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Service providers are eager to evolve their networks in order to create new business value and deliver an unparalleled customer experience, but will need to overcome some obstacles first.
October 13, 2016
The theme on Wednesday at SDN & OpenFlow World Congress seemed to be synergy, as discussions and sessions gravitated toward how coming together is the key to bringing virtualization to life and commercializing it in the real world.
During the morning keynotes, several speakers pointed out that while software-defined networking (SDN) needs network functions virtualization (NFV) and vice versa, both of them need another component, management and orchestration, in order to create an even more compelling platform to advance business use cases, including SD-WAN. The Director General of ETSI, Luis Jorge Romero, said that while his organization is best known for its efforts to standardize NFV, the standards body is moving beyond just that and is embracing next-generation protocols such as Mobile Edge Computing (MEC) and Open Source management and orchestration in an effort to enable new business development.
Once these standards, protocols and infrastructure are in place, service providers can visualize the opportunity to go beyond basic connectivity services and instead branch out into newer on-demand and value-added services, including cloud-based applications and network services. They can also work closely with the vendor community to deliver a wide range of offerings.
The French service provider Orange is already on the second generation of its SDN service, which necessitated a complete network overhaul. This included deploying 40 SDN points of presence by 2018 in order to run virtual services as close to customer as possible. Orange has also rolled out a global SDN orchestrator and a new OSS stack for SDN. The service provider does point to areas that still need some work in order to deliver SDN/NFV at scale, such as VNF onboarding, analytics and standardization.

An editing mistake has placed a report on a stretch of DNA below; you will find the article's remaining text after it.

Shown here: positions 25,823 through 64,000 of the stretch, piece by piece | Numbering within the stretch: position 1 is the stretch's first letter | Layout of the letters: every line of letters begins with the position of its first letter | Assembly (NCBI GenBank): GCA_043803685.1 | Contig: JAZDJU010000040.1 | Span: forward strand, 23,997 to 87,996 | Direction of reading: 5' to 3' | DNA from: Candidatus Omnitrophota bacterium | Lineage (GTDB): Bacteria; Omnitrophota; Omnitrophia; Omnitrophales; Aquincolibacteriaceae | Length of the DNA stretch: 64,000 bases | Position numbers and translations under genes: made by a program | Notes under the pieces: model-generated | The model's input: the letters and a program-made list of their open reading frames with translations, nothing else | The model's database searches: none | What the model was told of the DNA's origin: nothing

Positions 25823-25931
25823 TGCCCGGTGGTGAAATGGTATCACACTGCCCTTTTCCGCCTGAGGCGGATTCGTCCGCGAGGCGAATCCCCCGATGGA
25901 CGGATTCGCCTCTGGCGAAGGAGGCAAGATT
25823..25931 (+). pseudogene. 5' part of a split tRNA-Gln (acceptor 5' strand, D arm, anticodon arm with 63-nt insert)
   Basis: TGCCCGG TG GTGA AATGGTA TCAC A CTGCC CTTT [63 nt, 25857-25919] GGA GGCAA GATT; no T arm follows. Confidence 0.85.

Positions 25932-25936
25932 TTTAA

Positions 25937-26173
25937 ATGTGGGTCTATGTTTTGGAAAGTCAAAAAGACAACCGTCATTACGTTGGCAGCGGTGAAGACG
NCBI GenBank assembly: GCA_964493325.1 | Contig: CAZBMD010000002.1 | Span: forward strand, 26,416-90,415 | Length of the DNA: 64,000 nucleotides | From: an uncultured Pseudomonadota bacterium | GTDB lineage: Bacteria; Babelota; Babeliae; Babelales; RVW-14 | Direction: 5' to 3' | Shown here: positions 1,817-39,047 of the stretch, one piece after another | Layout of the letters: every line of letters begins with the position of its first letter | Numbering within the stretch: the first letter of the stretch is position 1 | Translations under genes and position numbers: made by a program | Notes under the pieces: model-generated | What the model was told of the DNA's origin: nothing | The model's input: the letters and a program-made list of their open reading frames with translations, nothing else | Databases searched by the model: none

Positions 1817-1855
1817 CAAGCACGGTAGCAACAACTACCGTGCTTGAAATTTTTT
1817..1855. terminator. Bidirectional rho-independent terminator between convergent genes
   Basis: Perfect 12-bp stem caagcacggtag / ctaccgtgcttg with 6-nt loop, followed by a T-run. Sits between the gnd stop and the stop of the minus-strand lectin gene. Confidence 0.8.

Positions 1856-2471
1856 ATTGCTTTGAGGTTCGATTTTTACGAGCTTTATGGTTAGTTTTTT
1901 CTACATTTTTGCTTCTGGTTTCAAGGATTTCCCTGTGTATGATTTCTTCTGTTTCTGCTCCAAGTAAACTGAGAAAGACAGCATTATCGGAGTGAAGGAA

China Unicom has also introduced a next-generation network architecture, CUBE - Net 2.0, which relies heavily on SDN/NFV and the cloud to deliver Network as a Service (NaaS) and other value-added services. The Chinese service provider has found that its enterprise customers have very specific requirements that need to be addressed, including quick responses to requirement changes, automatic service provisioning, self-care, easy maintenance, the rapid creation of new services and high reliability with low latency.
According to China Unicom, SDN/NFV can support converged ICT services such as Layer 2/Layer 3 VPN on demand, cloud access, elastic WAN transport for data center integration, virtual value-added service provisioning and more all under the banner of virtual NaaS.
While many service providers are moving deeper into virtualization and are making serious progress in monetizing those investments, there are still challenges to overcome. These include internal organizational changes, avoiding vendor lock-in by working within open ecosystems and hiring and retaining top talent. But the many benefits outweigh these shifts and should result in service providers opening up new markets, creating new service opportunities and bringing new and improved experiences to their customers.